Ukraine’s house of cards

I read BBC news. Daily. They are biased toward euro skepticism. It does well to counter my euro optimism and I think between the BBC news website and a little bit of my own digging I can get as accurate a picture of what’s going on in the world as you can by just sitting in front of your computer. It isn’t perfect and I think I could probably do a lot better to acquaint myself with the realities whizzing by around me.

As I am writing this, twenty six people have died since the violence started yesterday. These were members of the Maidan movement as well as law enforcement. We all know what Stalin said, it is cliche by now. These were people, like you and like me. They had families, hopes, aspirations, embarrassing memories of that one time at band camp. They were all alive a couple of days ago and are now dead.

Protests like this have been happening all the time. Group A wants something to change, they may or may not represent a majority of the population. The government says no, there is a standoff, a spark, and then broken lives. All in the name of political change. Which side you take is entirely a matter of opinion. There is very little to distinguish a right choice from the wrong one and indeed, often times, such a distinction is nonsensical as the contention is in fact about a conflict of interests between the groups.

Case in point, the Ukraine came to the spotlight of international news eight years ago when the so called Orange Revolution ousted mr. Yanukovich (yes the same man) from power under similar conditions, though without the loss of life. The politics devolved and the main protagonists of that event have all but disappeared. Today Viktor Yushchenko is not an active voice in the movement, and Yulia Tymoshenko is confined to a prison cell from which she occasionally makes statements that fall on deaf ears, both in her own country and abroad.

Eight years of political power play in Kiev and the Ukraine is back to square one, something of a future case study on the cyclic nature of history. We follow the developments and we argue back and forth about who is in the right and who is in the wrong, making statements, informed or not about how things should be and what is to be done.

Which brings me to the title of this article. How accurate is the Netflix show (I should find the book)? Surely it’s fiction and characters and plot features are great exaggerations of what actually goes on in our democratic systems. What I find is always lost in the narrative is often at least as important. We are never shown Zoe Barnes’ funeral, we really barely know her and the only attention her death is given is as an expose of NSA spying through the developments that follow. It wasn’t necessary you will say, we already came to know Peter Russo, it’s all the same. In this case, two is a statistic.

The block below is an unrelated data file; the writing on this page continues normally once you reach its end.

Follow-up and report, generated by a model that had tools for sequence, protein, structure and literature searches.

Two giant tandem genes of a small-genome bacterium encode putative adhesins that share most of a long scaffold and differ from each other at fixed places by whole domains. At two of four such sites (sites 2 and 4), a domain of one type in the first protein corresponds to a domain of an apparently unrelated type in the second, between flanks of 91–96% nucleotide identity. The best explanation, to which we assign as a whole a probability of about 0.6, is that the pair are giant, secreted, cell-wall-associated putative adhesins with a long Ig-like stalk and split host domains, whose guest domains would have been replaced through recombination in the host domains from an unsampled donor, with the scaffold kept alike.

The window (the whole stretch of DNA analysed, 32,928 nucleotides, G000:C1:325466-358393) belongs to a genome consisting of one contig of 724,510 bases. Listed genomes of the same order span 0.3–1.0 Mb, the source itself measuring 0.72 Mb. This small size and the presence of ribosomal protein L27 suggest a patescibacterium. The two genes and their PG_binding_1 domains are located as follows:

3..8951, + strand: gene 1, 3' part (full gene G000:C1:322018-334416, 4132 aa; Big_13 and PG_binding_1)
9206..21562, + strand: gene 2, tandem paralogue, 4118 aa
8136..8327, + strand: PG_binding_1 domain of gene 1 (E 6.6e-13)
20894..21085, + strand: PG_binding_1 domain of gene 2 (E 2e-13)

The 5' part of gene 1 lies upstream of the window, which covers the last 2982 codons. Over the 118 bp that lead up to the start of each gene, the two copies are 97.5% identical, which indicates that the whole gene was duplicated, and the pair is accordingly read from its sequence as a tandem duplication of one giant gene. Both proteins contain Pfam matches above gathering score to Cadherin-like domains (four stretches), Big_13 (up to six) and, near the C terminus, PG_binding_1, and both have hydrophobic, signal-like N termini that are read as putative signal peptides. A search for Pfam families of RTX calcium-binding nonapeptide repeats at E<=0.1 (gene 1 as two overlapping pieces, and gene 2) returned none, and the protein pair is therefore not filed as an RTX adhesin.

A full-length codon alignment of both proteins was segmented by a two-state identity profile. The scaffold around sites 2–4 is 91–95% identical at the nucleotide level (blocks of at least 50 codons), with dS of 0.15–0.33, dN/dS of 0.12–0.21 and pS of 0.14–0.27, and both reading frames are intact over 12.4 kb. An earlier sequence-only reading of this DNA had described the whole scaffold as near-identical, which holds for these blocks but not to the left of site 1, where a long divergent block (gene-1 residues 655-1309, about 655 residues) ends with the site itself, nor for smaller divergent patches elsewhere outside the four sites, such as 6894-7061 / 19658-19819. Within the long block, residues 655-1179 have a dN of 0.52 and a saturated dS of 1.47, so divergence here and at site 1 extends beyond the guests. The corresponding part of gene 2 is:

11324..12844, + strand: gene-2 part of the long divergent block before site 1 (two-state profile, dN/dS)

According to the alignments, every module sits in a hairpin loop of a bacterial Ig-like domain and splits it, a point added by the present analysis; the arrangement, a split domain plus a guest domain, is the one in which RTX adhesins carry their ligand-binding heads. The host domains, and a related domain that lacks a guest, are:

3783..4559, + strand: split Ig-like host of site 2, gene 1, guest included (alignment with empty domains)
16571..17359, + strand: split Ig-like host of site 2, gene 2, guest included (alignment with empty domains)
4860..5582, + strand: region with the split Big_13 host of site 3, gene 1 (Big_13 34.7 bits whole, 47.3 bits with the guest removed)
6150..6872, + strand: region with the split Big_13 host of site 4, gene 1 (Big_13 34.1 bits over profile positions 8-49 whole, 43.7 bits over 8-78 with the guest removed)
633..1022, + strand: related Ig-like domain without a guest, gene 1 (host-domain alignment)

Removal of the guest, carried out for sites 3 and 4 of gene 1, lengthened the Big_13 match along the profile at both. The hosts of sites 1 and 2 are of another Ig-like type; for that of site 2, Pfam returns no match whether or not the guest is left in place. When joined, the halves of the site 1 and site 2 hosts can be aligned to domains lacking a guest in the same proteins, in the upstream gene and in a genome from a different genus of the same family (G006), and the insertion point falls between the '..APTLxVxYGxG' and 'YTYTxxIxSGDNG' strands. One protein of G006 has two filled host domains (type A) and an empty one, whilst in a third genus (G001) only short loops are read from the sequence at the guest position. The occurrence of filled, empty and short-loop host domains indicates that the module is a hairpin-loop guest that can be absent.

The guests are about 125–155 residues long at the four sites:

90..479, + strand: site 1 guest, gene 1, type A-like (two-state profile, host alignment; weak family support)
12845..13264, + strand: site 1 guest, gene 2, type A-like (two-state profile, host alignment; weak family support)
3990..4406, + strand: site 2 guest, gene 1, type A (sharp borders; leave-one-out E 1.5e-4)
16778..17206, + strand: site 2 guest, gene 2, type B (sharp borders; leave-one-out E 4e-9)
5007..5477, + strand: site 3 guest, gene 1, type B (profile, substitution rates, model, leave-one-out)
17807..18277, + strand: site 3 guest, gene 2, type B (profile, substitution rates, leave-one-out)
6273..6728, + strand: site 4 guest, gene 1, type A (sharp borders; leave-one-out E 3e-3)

The fact is we all too rarely consider the reality of death and the toll that is being exacted. The coroner has to put her body back together… The initial report of the death toll in Independence Square came from a doctor who was in the protest camp. He was tasked to take care of these people, and there was little to nothing he could do for them. He would’ve had to do this in the blistering cold, acrid smoke of burning rubber, raging fires and in the chaos of a riot police raid on a fortified camp full of exhausted but determined… what?… Activists? Terrorists? Protesters? Hooligans?… People.

While I believe that we should be masters of our own destiny the truth is that there are probably far too many of us for representation to work the same way that it did for the Athenians. Individual voices become statistics. Individual ideas become abstract ideology that we attach to with varying levels of conviction, and only the loudest are heard. We elect one from among the loudest whom we most agree with and then it is out of our hands. Whether they meant what they said or not becomes irrelevant, they have the power now. The only way we know of for a group of elected people to govern is by means of politics. Yes the very same kind of politics that happen in your office, just with higher stakes and consequences that are farther removed.

Democracy is the least bad system of governance that we have been able to come up with up until this point. The Ukraine is now showing us why that is the case. I salute you neighbors, and I hope that it is not in vain.


2 thoughts on “Ukraine’s house of cards

  1. The Athenians didn’t have it so great either. Just ask the guys they sent to Sicily. Least bad yes. Just ask somebody in Ukraine if they’d rather have a screwed up democracy from say France over the, well whatever government you’d like to call Ukraine’s at the moment. Maybe one day Ukraine will have it. But in the meantime, it’ll get ugly.

    • Ukraine is a democracy in the sense that governance is done by people who are elected or chosen by people who are elected. All modern states in what we call western civilization adhere to this model. Every one has their variation but it is still some form of governance by representation.

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